Look around the Archdiocese of Louisville for a statue of a prominent scientist. You won’t find much. But you can find a large statue of someone closely associated with a prominent scientist: the statue of St. Robert Bellarmine that stands at Bellarmine University.
Even the admirers of this saint criticized his dealings with the scientist Galileo Galilei. In a 2009 column in the Louisville Courier-Journal on the 400th anniversary of Galileo’s first telescope discoveries in 1609, then-President of Bellarmine University, the late Joseph McGowan, wrote about how “Galileo’s observations put him into all sorts of things Directions brought trouble, ”how Galileo had to retract his findings and how St. Robert’s involvement in this controversy had occasionally led to jokes at the university.
But the Galileo / St. Robert story is complex. St. Robert did not deny Galileo’s observations and findings. By 1611, various astronomers from St. Roberts’ own order, the Society of Jesus, had purchased good telescopes and checked these results. You didn’t get Galileo into trouble.
However, St. Robert questioned Galileo’s interpretation of these results. Galileo had said they supported Nicolaus Copernicus’ theory that the earth orbits the sun. But other astronomers had made solid scientific arguments as to why the earth couldn’t move. Astronomers like Simon Marius saw another theory in telescopic discoveries, which was that the earth is at rest and the sun is orbiting it and the planets are orbiting the sun.
Meanwhile, a prominent Tuscan noblewoman, Christina of Lorraine, had asked if Copernicus’ ideas were not against the Bible. The Bible describes the sun as moving – for example rising and setting (Eccl. 1: 5) – rather than the earth. Christina’s questions and Galileo’s answers added religious controversy to an academic debate. That got Galileo into trouble.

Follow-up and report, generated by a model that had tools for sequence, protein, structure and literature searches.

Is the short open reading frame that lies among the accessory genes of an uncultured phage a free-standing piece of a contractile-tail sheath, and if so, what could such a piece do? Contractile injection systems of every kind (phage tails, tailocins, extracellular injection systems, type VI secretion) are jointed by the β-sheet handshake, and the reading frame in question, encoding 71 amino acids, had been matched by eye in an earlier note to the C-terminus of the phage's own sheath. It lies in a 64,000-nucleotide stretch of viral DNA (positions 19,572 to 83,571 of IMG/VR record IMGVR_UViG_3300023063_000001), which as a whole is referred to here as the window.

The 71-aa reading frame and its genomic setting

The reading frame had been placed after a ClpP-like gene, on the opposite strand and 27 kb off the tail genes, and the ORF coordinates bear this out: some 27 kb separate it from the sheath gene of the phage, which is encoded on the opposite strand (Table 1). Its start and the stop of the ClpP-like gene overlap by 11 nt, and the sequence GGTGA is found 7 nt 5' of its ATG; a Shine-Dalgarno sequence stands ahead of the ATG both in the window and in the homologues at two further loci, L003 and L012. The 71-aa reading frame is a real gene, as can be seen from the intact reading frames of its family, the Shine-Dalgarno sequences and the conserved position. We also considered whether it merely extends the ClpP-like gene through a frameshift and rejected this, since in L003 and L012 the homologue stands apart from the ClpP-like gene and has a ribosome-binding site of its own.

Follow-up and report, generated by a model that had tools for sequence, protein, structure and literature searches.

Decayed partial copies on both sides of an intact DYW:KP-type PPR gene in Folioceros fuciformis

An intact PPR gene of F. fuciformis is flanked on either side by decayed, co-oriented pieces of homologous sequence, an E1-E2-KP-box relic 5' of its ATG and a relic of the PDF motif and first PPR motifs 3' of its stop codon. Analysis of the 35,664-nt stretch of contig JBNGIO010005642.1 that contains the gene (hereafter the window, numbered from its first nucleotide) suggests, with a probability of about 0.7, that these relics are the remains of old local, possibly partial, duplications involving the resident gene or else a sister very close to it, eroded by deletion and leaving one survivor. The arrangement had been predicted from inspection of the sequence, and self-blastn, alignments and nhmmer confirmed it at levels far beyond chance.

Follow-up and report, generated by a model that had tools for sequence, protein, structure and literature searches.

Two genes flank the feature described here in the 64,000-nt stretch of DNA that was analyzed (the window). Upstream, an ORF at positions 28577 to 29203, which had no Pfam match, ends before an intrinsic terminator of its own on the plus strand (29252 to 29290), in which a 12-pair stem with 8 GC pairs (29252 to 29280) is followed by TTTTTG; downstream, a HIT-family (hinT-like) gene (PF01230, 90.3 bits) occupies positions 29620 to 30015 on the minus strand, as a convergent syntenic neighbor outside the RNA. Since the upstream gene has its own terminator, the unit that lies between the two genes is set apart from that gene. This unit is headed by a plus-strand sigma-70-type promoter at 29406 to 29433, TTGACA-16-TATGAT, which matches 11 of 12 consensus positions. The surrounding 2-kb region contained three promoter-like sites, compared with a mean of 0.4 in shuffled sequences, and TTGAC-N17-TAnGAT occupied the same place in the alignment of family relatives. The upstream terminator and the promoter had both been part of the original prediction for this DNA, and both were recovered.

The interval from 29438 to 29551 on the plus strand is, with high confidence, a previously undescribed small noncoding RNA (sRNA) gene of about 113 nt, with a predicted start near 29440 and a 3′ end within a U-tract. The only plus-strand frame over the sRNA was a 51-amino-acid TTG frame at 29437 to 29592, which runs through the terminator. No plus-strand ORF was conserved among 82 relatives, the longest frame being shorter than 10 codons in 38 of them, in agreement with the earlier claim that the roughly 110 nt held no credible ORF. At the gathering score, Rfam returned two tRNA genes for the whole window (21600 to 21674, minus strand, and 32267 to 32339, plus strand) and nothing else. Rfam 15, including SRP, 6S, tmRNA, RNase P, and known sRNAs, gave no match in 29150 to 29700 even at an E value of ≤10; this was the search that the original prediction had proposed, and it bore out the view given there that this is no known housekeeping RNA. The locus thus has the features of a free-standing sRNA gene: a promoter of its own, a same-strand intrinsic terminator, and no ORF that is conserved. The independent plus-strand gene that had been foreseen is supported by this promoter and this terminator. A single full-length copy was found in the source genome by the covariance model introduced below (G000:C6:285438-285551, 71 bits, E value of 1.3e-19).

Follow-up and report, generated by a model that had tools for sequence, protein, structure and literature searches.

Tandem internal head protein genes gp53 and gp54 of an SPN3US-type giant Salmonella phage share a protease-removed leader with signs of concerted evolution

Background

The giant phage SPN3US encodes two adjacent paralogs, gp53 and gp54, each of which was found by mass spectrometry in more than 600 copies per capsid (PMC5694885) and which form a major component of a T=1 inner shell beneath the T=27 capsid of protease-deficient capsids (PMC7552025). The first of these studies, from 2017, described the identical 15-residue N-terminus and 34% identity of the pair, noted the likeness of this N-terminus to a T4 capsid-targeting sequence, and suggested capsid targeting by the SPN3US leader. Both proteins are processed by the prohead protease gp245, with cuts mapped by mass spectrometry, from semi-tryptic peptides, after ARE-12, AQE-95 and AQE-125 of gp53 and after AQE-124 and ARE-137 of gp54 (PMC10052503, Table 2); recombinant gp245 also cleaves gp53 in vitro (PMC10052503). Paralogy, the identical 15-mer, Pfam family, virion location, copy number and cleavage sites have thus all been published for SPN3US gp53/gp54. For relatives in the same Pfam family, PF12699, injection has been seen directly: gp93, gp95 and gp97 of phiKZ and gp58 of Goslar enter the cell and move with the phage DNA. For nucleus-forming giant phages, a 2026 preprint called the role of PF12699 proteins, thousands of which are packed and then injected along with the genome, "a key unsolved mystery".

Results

In 1615, the then high-ranking church official called St. Robert Galileo to “prove it”. Sure, St. Robert said, we could respond to arguments like Christina’s by assuming that biblical references to a moving sun refer only to what we see. We watch the sun rise and set. But why make this assumption, he said, without proving that the earth and not the sun moves? When in doubt, we stick to the simple words of the Bible.
There were doubts. Galileo never found any evidence. There was solid science against him. In 1616, St. Robert officially asked Galileo to give up his support for Copernicus. Galileo was never asked to withdraw his knowledge; these had been verified, turned out to be true. But a few years after St. Robert’s death, Galileo was actually forced by the Inquisition to publicly withdraw his support for Copernicus.
Of course, over time (long after Galileo himself died) these seemingly solid scientific arguments for why the earth could not move were resolved by even more scientific discoveries.
The evidence St. Robert wanted has been found. Galileo had been forced to retract an idea that turned out to be correct.
President McGowan used the Galileo / St. Robert story to emphasize knowing how to think, what to think about – an important distinction.
Silencing people and telling them what to think is a particularly bad idea in science, even when the evidence seems against them. It is a very good idea to ask for evidence and challenge people how they think. St. Robert’s relationship with Galileo included some of both.
Visit his statue for a while. See Galileo and Marius and Christina from his point of view. What would you have done if he were him?
Chris Graney writes for Sacred Space Astronomy, the blog of the Vatican Astronomical Observatory. He is a member of the St. Louis Bertrand Church in Louisville.
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